It was a really great event and it was a pleasure to be part of it!

Photo by James Dixon


Tags: ,

Posted by Gareth Kane no responses

25 November 2013

Business Ethics: Compliance vs Conscience

pencil figure checklistOn Saturday there was an interesting, provocative piece in the Telegraph by Charles Moore on the 'Crystal Methodist' Paul Flowers/Co-operative Bank scandal. He argued that the Bank's much lauded ethical stance is what got it in trouble - that by emphasising 'compliance' with ethical/corporate social responsibility systems, they took personal judgement, or 'conscience', out of the system, freeing individuals to act in an unethical way. He scales this up to claim "this obsession with Ethics is one of the great curses of our time."

Here's where I agree with Moore:

  • Some people do use ticking boxes as a shield to avoid taking personal responsibility.
  • That if the Co-operative were truly ethical, it would ensure that a qualified competent person was in charge of its customers' money (BTW: I am one of those customers & so is Terra Infirma Ltd).
  • Far too many organisations that have a CSR/ethical policy still screw up.

But on the fundamental point, that the bank was corrupted by an obsession with compliance with its ethical systems, I must disagree.

For a start, there is no evidence that the crash was due to Flower's political leanings or beliefs. Indeed, the first bank to go belly up in the 2007 credit crunch was Northern Rock, then chaired by Matt Ridley. Ridley is almost the antithesis of Flowers - right leaning, highly pro-market, a climate change sceptic and, we must presume in the absence of evidence to the contrary, clean living. The only thing the two of them have in common is that both were almost entirely unqualified and inexperienced to run a bank. It was incompetence that put both institutions in peril, not politics.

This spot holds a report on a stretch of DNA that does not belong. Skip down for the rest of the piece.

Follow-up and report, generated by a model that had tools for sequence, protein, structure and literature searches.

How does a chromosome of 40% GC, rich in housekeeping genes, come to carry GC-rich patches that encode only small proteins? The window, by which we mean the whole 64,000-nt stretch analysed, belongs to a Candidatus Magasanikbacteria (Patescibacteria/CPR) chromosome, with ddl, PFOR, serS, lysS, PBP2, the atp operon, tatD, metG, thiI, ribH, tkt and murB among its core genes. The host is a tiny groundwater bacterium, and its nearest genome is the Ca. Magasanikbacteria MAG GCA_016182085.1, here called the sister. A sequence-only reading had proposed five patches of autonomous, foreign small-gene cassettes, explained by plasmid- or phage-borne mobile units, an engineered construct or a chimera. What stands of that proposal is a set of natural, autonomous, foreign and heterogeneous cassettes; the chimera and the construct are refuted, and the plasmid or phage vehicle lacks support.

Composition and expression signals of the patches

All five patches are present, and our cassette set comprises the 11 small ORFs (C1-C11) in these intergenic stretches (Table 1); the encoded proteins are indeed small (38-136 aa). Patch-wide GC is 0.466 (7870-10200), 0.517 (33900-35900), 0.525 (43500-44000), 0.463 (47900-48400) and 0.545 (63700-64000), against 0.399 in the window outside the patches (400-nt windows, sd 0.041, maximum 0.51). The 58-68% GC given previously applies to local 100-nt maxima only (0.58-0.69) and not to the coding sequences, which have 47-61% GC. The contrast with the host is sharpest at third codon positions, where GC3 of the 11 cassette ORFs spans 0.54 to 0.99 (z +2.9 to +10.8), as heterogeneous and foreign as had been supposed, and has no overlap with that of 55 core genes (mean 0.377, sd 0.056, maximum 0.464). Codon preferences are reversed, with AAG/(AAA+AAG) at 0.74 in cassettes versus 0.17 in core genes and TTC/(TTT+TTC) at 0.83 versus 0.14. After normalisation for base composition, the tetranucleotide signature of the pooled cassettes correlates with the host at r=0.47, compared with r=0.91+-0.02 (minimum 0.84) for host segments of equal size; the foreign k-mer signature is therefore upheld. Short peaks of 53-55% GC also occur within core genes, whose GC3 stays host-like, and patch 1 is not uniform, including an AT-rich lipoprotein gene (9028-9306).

Then, imagine trying to run a large organisation in the absence of a compliance system and relying entirely on personal ethics and judgement? How could you ensure there was no slave or child labour in global supply chains without a system of audits? How would you ensure that your waste wasn't ending up in a lake somewhere without a duty of care process? How would you know that your recruitment process is not discriminatory without monitoring diversity? None of these things can be delivered simply by individuals in organisations acting spontaneously on their conscience - even if they all had spotless halos shining above their heads.